Canada confident

TED WYMAN -- Winnipeg Sun

, Last Updated: 11:35 AM ET

PAISLEY, Scotland -- It's hard not to notice that the venue for this year's world women's curling championship is somewhat smaller than the arenas Canadians use for elite events. Actually, it's somewhat smaller than the arenas Manitobans use for provincial championships.

The Lagoon Leisure Centre, home of the worlds for the next eight days, has just 850 seats despite being located in a city with a population of about 60,000.

That puts the venue for the world championship on a par with the Murray Arena in Souris, where Canada's Jennifer Jones won the Manitoba championship.

"It's beautiful," Jones said of the building where she and her Winnipeg teammates today will begin Canada's defence of the world title won by Colleen Jones in 2004.

"This is bigger than Souris." (Meanwhile, in the background, Canadian lead Cathy Gauthier chimes in with "It's so not.")

Yes, curling is a different beast on this side of the pond. Scotland is the birthplace of the game, and Paisley claims to be the location of the first curling shot (thrown by an abbot at nearby Paisley Abbey in the 15th century).

But it's not a big deal like it is in Canada, where anywhere from 5,000-17,000 fans will shell out for tickets to a single draw at national events.

About half the seats here are sold, so Gauthier expects it to be like 1992, when she played for Canada in Garmisch-Partenkirchen Germany, "home of 12 fans, all of them ours."

On another front, there could be ice problems. The playing surface is expected to be straighter and slower than what the Canadians usually compete on, and the arena is in the same facility as a swimming pool, which could create humidity issues.

"We got here three days ago and came to look at it and the roof was leaking and the rain was pouring and there were moguls on some of the sheets," Gauthier said. "It is a bit of a concern. I know they turned the temperature down in the pool, but it's still very, very damp in here."

This is, of course, the first women's curling championship since the World Curling Federation decided to split the men's and women's events, and it will take time to grow.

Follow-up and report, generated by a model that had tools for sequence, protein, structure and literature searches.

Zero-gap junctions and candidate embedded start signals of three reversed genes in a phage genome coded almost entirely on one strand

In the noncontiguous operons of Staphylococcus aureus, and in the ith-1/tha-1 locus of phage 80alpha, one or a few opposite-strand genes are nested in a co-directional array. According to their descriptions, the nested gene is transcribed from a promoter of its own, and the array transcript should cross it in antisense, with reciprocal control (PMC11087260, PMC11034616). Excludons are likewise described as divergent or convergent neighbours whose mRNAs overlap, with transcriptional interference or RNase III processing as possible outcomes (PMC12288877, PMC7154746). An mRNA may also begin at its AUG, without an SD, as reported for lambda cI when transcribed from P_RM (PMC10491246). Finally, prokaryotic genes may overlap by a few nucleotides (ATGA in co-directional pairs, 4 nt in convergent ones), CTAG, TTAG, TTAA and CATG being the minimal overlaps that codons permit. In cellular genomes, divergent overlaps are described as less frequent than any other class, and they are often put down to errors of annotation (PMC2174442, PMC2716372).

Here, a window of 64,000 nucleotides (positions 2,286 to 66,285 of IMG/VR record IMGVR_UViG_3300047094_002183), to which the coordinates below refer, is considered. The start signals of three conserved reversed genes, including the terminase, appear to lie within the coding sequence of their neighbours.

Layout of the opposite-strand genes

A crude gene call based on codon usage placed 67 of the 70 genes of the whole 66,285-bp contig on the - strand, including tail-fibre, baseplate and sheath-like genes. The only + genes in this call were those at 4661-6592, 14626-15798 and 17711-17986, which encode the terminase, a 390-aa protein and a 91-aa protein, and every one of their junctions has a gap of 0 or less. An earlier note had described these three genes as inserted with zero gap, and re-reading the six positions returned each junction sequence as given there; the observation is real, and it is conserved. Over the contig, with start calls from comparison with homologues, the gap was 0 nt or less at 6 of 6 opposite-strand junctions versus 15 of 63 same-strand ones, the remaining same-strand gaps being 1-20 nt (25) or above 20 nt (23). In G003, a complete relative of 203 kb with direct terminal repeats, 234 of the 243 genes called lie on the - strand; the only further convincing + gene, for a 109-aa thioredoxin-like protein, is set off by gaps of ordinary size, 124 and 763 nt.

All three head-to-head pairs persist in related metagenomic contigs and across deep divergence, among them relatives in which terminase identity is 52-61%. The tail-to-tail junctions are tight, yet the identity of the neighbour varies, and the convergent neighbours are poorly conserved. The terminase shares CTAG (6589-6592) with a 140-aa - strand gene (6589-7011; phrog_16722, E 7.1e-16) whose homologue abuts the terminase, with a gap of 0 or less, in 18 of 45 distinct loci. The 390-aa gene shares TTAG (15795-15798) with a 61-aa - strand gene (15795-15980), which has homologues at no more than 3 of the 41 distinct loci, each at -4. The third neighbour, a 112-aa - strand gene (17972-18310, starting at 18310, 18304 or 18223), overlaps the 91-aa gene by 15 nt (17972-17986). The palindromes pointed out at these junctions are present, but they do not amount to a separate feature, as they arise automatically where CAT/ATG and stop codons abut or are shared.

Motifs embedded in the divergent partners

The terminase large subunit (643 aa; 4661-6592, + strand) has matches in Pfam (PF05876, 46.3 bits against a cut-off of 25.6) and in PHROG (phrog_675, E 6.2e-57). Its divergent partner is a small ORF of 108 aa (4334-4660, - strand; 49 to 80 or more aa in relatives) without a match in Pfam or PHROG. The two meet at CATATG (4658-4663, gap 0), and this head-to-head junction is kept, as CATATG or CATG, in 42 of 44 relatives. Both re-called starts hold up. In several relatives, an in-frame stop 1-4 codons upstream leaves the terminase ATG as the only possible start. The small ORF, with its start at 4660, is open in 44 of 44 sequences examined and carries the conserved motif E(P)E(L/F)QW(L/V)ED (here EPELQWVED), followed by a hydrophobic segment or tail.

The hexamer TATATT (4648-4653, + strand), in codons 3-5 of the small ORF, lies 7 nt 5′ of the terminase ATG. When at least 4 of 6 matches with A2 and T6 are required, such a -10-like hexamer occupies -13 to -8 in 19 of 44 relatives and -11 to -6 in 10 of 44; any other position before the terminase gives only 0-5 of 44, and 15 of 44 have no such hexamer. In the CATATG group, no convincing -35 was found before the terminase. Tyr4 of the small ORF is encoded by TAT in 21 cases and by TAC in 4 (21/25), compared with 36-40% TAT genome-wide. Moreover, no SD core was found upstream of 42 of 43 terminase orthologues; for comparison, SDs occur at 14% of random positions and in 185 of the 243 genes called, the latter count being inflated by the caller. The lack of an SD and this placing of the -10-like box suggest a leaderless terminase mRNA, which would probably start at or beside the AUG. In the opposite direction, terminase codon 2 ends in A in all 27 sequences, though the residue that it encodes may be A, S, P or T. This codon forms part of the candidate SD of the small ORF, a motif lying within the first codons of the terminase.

It's not quite at the point six-time Canadian champion Colleen Jones suggested it would reach when she said the women would have to curl naked to attract fans in Europe. But it's a long way from perfect. In fact, they don't even have time clocks for the games here, a strange omission indeed.

Still, Jones, always the diplomat, said everything will be fine.

"It's OK," Jones, a 30-year-old lawyer, who also plays with third Cathy Overton-Clapham and second Jill Officer, said of the ice surface. "It would be nice to have a little bit more movement and have it a little faster. We'll stick with what we do. It's good enough for now and if we have to change it we will, but I think so far we're OK."

Sticking with what they do means junking up the house with rocks and playing finesse shots. It's a strategy that could be difficult to pull off, but one suspects Jones will change her game plan fairly quickly if things start going wrong today.

The Manitobans certainly weren't looking worried yesterday when they got to show off their new Canadian colours to the public for the first time.

"Can't describe it," Jones said about wearing the Maple Leaf. "Words can't even begin to explain how great it feels.

"It is very different. It's definitely not the same extent as playing in Canada -- I mean, it's a much bigger event in Canada -- but everybody is very excited to be at the worlds."

Canada opens the world tournament with two games today, against Mirjam Ott of Switzerland this morning and Kirsi Nykanen of Finland tonight.


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